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Written Statements

Volume 663: debated on Wednesday 10 July 2019

Written Statements

Wednesday 10 July 2019

Business, Energy and Industrial Strategy

Whirlpool Tumble Dryers: Product Recall

The Government’s No. 1 priority is public safety. We are committed to ensuring that the UK continues to have one of the strongest product safety regimes in the world.

I updated the House on 4 April and on 17 June. Following the publication of the review by the Office for Product Safety and Standards (OPSS) into the Whirlpool tumble dryer modification programme, I informed the House that OPSS had issued a decision letter placing a number of requirements on the company. Having reviewed Whirlpool’s response to the Government’s requirements, OPSS determined that it was inadequate.

Accordingly, on 4 June, OPSS notified Whirlpool of their intention to serve a recall notice in respect of as many as 800,000 remaining unmodified tumble dryers currently in use.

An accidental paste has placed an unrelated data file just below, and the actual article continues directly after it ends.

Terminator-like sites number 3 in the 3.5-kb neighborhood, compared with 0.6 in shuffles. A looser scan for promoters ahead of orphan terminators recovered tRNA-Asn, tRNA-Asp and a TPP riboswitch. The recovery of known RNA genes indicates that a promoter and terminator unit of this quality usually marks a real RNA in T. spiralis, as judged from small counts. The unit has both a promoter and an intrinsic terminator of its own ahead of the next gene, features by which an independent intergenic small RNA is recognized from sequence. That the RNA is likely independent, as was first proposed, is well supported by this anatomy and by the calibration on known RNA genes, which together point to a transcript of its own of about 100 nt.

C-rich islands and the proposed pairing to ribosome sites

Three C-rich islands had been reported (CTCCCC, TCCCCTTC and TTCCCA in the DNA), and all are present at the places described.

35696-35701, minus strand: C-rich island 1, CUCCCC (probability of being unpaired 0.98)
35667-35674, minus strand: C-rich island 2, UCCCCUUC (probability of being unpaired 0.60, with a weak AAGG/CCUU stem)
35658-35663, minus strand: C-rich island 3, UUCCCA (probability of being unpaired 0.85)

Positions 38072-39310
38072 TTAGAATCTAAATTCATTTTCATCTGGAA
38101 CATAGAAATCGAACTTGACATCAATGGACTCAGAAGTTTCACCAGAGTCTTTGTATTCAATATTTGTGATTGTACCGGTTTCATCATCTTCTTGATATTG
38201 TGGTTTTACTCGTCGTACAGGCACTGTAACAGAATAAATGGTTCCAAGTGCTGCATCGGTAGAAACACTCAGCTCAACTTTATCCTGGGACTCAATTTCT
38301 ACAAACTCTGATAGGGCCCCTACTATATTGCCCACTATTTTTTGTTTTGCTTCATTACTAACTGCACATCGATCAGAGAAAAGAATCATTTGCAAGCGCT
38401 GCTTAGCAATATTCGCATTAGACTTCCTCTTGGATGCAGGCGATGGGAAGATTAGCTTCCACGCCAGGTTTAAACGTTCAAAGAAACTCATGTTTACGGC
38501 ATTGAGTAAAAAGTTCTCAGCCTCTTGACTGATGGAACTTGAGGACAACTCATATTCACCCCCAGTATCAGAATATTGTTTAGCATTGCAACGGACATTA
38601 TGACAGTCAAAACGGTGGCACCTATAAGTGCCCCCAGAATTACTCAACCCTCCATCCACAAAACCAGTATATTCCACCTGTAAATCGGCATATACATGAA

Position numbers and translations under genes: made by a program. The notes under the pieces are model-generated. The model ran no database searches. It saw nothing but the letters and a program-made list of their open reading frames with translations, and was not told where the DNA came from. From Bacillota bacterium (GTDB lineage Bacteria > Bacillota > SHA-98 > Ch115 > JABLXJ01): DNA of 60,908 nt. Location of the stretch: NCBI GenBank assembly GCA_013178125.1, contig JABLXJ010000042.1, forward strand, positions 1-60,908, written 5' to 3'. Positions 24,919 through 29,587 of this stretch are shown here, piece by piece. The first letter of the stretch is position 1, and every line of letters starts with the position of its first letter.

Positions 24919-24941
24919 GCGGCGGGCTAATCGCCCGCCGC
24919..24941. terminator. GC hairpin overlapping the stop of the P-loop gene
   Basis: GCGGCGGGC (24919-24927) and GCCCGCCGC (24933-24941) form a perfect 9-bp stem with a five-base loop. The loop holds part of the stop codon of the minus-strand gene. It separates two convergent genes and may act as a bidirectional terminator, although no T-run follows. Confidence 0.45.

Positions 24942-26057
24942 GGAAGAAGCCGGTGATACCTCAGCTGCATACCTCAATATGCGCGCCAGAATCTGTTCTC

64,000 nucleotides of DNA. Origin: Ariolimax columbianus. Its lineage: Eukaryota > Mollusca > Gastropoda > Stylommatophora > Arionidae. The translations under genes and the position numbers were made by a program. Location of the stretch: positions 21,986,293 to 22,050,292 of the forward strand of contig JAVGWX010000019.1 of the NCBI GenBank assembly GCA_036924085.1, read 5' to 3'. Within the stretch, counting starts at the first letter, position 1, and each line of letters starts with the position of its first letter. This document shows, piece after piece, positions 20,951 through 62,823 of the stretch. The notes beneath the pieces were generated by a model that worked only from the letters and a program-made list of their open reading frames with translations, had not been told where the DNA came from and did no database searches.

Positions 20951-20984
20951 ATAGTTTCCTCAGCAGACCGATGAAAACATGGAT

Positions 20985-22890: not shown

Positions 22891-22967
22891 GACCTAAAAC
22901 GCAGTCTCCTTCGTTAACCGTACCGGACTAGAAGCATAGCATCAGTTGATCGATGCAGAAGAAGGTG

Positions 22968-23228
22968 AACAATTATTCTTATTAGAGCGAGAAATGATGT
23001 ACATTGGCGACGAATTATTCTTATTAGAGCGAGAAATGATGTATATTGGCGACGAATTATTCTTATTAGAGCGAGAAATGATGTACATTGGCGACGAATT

I am able to confirm that Whirlpool is now to issue a full product recall of all unmodified tumble dryers from consumers’ homes.

Whirlpool has agreed to undertake a number of actions required by OPSS, and which have been reviewed by an expert panel, consisting of an independent Queen’s counsel and three chief scientific advisors from the Home Office, health and safety executive and the Department for Business, Energy and Industrial Strategy.

Under the recall, consumers with an unmodified, affected Whirlpool tumble dryer will be entitled to a new replacement machine. This will be delivered and installed, with the old one removed, at no cost. A refund based on product age or a modification will be available to those consumers who do not want to take up the offer of a replacement dryer. Whirlpool have agreed to implement additional quality assurance procedures for any new modifications in consumers’ homes.

Whirlpool will deliver a significant consumer outreach campaign with wide ranging publicity of the product recall. Whirlpool have committed to deliver improved identification of, and outreach to, vulnerable consumers. They guarantee that there will be no charges for the delivery, installation or removal of affected machines. Whirlpool have also committed, and will be legally required, to provide OPSS with effective and timely reporting of progress made in the product recall.